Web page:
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Best Paragraphs In Sunday Newspaper

September 7, 2008

Sunday newspapers are a treasure trove of political nuggets today, but no one article is better than the verve in Frank Rich’s column.

As The New York Times reported last Tuesday, Palin was sloppily vetted, at best. McCain operatives and some of their press surrogates responded to this revelation by trying to discredit The Times article. After all, The Washington Post had cited McCain aides (including his campaign manager, Rick Davis) last weekend to assure us that Palin had a “full vetting process.” She had been subjected to “an F.B.I. background check,” we were told, and “the McCain camp had reviewed everything it could find on her.”

The Times had it right. The McCain campaign’s claims of a “full vetting process” for Palin were as much a lie as the biographical details they’ve invented for her. There was no F.B.I. background check. The Times found no evidence that a McCain representative spoke to anyone in the State Legislature or business community. Nor did anyone talk to the fired state public safety commissioner at the center of the Palin ethics investigation. No McCain researcher even bothered to consult the relevant back issues of the Wasilla paper. Apparently when McCain said in June that his vice presidential vetting process was basically “a Google,” he wasn’t joking.


In other words, McCain’s hasty vetting of Palin was all too reminiscent of his grave dereliction of due diligence on the war. He has been no less hasty in implying that we might somehow ride to the military rescue of Georgia (“Today, we are all Georgians”) or in reaffirming as late as December 2007 that the crumbling anti-democratic regime of Pervez Musharraf deserved “the benefit of the doubt” even as it was enabling the resurgence of the Taliban and Al Qaeda. McCain’s blanket endorsement of Bush administration policy in Pakistan could have consequences for years to come.

“This election is not about issues” so much as the candidates’ images, said the McCain campaign manager, Davis, in one of the season’s most notable pronouncements. Going into the Republican convention, we thought we knew what he meant: the McCain strategy is about tearing down Obama. But last week made clear that the McCain campaign will be equally ruthless about deflecting attention from its own candidate’s deterioration.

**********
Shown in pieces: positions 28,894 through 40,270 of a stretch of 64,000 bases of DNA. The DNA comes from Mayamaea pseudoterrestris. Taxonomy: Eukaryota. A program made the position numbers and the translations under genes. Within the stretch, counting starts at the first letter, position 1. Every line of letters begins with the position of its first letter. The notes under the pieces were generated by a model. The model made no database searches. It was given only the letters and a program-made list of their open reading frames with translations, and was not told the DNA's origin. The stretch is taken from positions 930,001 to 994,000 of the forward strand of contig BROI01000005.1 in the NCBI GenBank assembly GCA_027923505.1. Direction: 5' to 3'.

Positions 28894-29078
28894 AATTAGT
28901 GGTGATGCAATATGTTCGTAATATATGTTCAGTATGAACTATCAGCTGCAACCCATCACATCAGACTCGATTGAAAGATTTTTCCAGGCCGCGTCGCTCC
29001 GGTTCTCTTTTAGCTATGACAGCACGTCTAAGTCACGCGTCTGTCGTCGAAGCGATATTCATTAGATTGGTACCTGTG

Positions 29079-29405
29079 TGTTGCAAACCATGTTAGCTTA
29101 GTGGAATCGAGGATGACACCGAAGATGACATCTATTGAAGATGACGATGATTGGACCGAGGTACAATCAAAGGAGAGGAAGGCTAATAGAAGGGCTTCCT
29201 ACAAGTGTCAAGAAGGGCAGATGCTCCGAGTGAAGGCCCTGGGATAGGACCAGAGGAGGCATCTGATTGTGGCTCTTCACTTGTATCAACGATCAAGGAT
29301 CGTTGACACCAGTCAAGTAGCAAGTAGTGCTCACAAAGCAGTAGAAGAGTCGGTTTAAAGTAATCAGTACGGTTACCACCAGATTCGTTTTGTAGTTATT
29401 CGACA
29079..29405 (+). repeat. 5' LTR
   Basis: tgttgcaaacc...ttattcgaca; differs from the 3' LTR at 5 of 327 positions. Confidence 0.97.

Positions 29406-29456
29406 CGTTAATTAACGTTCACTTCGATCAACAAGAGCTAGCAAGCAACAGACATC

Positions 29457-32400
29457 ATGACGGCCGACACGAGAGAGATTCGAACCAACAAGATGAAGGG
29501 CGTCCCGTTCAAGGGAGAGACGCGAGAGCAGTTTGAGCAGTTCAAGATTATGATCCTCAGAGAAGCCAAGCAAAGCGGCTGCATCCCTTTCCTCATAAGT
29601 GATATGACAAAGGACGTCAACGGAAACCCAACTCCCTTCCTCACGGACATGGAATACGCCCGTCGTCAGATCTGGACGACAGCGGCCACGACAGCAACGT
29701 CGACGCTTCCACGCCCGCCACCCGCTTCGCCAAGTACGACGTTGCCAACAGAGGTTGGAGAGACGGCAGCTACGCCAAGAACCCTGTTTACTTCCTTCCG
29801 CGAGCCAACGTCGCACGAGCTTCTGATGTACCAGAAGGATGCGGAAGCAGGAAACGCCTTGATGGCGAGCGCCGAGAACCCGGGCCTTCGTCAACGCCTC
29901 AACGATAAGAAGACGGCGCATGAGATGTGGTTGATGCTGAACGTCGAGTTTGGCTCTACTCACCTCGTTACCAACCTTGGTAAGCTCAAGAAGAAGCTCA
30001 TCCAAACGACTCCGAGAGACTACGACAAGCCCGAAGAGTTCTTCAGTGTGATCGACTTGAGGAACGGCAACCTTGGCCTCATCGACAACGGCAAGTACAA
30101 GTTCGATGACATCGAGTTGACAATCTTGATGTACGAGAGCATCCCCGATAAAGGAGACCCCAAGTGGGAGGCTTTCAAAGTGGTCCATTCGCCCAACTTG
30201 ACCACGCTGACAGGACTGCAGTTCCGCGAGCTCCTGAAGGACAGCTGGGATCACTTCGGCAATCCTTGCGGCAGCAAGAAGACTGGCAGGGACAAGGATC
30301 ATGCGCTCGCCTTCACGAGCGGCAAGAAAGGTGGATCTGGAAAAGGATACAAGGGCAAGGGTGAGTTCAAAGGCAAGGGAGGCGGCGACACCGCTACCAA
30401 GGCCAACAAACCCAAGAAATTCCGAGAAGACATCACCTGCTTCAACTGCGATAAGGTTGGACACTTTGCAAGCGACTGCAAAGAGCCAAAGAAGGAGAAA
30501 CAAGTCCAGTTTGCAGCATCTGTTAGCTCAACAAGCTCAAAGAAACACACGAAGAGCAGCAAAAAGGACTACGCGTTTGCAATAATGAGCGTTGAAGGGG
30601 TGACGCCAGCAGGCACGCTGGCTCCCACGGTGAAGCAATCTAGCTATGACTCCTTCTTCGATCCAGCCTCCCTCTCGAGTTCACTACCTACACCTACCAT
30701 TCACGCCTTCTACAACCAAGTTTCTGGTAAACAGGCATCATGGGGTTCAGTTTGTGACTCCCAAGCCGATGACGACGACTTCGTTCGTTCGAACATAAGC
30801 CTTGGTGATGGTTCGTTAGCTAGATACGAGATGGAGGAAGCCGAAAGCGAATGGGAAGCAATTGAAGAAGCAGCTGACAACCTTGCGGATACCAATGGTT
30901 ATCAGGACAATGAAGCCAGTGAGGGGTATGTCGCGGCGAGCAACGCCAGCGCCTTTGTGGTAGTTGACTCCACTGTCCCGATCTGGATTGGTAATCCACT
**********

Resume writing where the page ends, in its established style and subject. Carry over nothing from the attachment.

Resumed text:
What was most striking about McCain’s acceptance speech is that it had almost nothing in common with the strident right-wing convention that preceded it. We were pointedly given a rerun of McCain 2000 — cobbled together from scraps of the old Straight Talk repertory. The ensuing tedium was in all likelihood intentional. It’s in the campaign’s interest that we nod off and assume McCain is unchanged in 2008.

That’s why the Palin choice was brilliant politics — not because it rallied the G.O.P.’s shrinking religious-right base. America loves nothing more than a new celebrity face, and the talking heads marched in lock step last week to proclaim her a star. Palin is a high-energy distraction from the top of the ticket, even if the provenance of her stardom is in itself a reflection of exactly what’s frightening about the top of the ticket.

By hurling charges of sexism and elitism at any easily cowed journalist who raises a question about Palin, McCain operatives are hoping to ensure that whatever happened in Alaska with Sarah Palin stays in Alaska. Given how little vetting McCain himself has received this year — and that only 58 days remain until Nov. 4 — they just might pull it off.

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2 Comments leave one →
  1. notalib permalink
    September 7, 2008 3:13 PM

    And we all know that Frank Rich and the NY Times are a paper of without any kind of agenda. PLEASE stop trying to pass off the NY Times as a honest paper, and PLEASE stop trying to pass off Frank Rich as a reliable source. They both have a far left agenda.

  2. williamu permalink
    September 7, 2008 10:29 AM

    Let’s see if this even gets posted (a test of my liberal friends)…

    Repeating the hysterics of the National Enquirer doesn’t make it so. These baseless charges on Palin haven’t been proven any where. What they do prove is that a) the media is incensed that they didn’t “approve first”, McCain’s pick and b) the liberals are actually not so sure about winning in November.

    Palin being a celebrity? No more or no less than Obama. Perhaps the competition on this account is too much?

    As for your charge of McCain being “vetted” little this year? Most of his life is on public record – what planet are you on?

    So for all the errors, problems, flaws that liberals site with the McCain Palin ticket, you’ve got some serious thinking to do.

    1) Whatever stones you want to throw at them, make sure your ticket doesn’t have the same flaws.

    2) Be careful about how you talk about the rest of the electorate. Make them out to being duped or stupid and “falling for” McCain/Palin shows arrogance.

    Now (at this point) it’s even in the polls. Now the electorate is dialing in. The next 60 days will be a great race. To borrow Paris’ line: I’ll see you at the debate, bitches.

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